Everything seems to be working correctly the application pools run fine but when trying to browse to the site IIS writes an error: “The caller is not the owner of the desired credentials”. Despite many hours of digging through logs, traffic sniffing and bashing my head against the desk I was unable to get IIS to work with a service account from another domain when using the forest trust, except if I used an account from the root domain of the trusted forest which is not ideal as all internal MOSS IIS servers would need to be re-configured. I should mention that this is not an issue specific to MOSS, it’s an IIS issue in general. I stood up another IIS/ASP.NET/Visual Studio test box in the perimeter and it had the same problem.

If both your internal and perimeter domains are single forest/domain I expect you might not have any issues and I’d be very interested to hear your results.


This section only describes MOSS configuration that relates to the perimeter network deployment.

People Picker

To enable the “PeoplePicker” in a one-way trust scenario to search both domains (perimeter and internal) the following stsadm commands must be run.

On all servers in the farm:

stsadm -o setapppassword -password “(password)”

(Where “password” is a strong password shared between the servers.

On all web front end servers:

stsadm -o setproperty -url http://sharepoint -pn
-pv "domain:perimeter.corp.local",
PERIMETER\PeoplePickerService, (Password)

(Where “Password” is the password for the unprivileged service account “PeoplePickerService” used to perform lookups on the perimeter domain)

AAM (Alternate Access Mappings)


The following access mappings / zones are configured

AAM Zones

Internet users only access sharepoint over SSL in the default zone via

Internal users access sharepoint over plain http in the intranet zone via This is the default home page for all internal users as set by group policy. Plain HTTP is used for internal users to ensure optimum performance especially across the WAN where the Certeon accelerators are deployed. The URL http://sharepoint is also valid for internal users.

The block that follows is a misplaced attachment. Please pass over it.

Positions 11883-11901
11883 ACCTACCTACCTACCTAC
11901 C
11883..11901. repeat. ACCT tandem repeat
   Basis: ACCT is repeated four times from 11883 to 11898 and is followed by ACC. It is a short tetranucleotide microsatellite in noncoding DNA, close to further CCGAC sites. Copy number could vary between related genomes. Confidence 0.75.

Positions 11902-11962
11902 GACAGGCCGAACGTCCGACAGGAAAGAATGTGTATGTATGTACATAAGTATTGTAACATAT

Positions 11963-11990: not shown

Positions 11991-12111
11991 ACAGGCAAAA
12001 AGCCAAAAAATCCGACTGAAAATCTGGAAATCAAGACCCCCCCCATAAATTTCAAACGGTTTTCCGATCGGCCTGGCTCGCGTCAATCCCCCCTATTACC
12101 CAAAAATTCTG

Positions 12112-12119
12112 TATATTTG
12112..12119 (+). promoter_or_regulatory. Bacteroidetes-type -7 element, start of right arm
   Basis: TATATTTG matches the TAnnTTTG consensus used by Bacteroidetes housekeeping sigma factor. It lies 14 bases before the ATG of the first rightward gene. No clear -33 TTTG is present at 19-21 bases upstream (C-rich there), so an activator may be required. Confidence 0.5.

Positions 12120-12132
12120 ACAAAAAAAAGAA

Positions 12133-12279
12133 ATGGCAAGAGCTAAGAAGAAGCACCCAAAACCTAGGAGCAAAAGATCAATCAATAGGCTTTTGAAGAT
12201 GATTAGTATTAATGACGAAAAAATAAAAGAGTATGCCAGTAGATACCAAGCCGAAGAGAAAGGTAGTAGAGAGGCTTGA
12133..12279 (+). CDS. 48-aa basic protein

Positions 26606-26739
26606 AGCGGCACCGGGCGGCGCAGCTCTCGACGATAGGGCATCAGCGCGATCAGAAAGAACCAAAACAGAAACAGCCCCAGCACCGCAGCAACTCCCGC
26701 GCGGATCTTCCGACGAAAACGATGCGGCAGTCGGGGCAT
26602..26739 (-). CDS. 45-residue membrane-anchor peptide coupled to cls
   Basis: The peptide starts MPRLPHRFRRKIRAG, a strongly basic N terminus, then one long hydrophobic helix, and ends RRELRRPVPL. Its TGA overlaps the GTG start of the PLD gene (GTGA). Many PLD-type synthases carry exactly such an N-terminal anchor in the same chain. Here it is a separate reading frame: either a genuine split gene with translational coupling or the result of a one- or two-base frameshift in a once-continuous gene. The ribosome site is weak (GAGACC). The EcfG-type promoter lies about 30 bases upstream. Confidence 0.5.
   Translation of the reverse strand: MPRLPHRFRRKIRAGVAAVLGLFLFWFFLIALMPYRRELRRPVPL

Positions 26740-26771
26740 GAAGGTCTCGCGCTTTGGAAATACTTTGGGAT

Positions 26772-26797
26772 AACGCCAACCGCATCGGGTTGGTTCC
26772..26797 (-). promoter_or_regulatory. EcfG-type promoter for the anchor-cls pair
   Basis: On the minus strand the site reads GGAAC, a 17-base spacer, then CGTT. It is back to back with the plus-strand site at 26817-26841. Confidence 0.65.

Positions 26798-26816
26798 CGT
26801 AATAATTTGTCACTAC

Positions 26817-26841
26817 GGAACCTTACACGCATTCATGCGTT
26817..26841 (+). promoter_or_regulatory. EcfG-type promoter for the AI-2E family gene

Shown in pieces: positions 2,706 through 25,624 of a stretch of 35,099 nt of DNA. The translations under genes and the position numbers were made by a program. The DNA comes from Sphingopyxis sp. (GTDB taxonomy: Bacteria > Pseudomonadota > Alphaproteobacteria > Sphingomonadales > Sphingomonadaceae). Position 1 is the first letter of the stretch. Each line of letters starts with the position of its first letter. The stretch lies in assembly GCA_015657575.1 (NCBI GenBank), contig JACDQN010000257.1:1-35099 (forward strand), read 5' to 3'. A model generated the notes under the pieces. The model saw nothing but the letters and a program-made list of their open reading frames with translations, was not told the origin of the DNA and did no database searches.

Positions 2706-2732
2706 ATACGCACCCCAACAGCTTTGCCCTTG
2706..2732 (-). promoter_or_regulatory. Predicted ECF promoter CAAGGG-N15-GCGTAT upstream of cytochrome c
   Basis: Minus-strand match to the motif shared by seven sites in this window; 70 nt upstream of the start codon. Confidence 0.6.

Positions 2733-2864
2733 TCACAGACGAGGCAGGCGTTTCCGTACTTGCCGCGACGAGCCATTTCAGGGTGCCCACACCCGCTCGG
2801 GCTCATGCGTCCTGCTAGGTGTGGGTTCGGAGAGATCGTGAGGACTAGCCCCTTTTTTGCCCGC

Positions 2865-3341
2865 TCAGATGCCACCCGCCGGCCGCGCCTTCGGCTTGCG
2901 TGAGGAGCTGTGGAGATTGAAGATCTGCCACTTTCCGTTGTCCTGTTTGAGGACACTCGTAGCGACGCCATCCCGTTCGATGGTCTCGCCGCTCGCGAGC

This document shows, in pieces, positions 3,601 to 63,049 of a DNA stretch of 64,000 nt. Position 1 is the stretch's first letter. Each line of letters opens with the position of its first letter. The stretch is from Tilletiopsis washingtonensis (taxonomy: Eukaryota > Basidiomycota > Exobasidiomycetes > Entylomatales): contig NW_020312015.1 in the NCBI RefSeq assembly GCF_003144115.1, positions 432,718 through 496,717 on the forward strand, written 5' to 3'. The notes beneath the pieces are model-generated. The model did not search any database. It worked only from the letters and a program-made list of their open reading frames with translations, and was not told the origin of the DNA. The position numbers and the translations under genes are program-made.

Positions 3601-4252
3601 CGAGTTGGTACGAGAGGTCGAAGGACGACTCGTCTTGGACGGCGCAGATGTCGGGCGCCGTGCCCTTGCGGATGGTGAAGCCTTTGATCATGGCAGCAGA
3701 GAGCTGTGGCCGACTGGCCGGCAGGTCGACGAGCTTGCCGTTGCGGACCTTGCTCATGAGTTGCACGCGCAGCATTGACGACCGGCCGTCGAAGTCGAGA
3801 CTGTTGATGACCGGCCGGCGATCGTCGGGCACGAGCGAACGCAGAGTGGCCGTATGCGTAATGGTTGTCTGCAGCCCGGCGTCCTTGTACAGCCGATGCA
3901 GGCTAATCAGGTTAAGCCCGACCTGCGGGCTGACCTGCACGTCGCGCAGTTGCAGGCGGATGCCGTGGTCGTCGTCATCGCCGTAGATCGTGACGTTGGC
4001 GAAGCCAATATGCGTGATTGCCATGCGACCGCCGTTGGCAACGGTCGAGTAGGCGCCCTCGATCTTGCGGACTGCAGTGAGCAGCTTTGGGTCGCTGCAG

Some SQL Server Reporting Services (SharePoint Integrated Mode) features only work when accessed in the default zone hence internal users wanting to access these features will need to access sharepoint in the default zone via See the known issues section for more information.

Known Issues

MS ISA Forms Based Password Changes

Valid Account Discovery Vulnerability

A patch in ISA 2006 SP1, as means to fix a security vulnerability broke password change functionality when using LDAP authentication. ( This has been fixed by non-public patch KB959357 ( Unfortunately this patch re-introduces the security vulnerability.  This Vulnerability means that when an incorrect password is entered for a valid account and the account is in a password-expired state, a change password form is displayed; while the correct old password must be specified before a new one can be set this could allow an attacker to discover that an account name is valid by brute force. This can be considered a low risk vulnerability which is out weighed by the need to allow users to change their own password. Hopefully Microsoft will fix this issue in the next major service pack. Below is a summery of the vulnerability behaviour.

ISA Change Password Vulnerability

Password length / Complexity Policy

When a password is changed using the ISA FBA change password tool the password complexity is checked against the domain that the ISA server is a member of. This means that both the internal and perimeter domains must have the same password complexity / length requirements to ensure consistent behaviour for end users. -I need to confirm this one!
SSRS in SharePoint Default Zone Only

When using SQL Server Reporting Services in SharePoint integrated mode some methods of viewing reports are only supported in the default zone. For example, if you try to open a report from a document library while accessing the sharepoint on (intranet zone) instead of (default zone) you will be presented with the following error.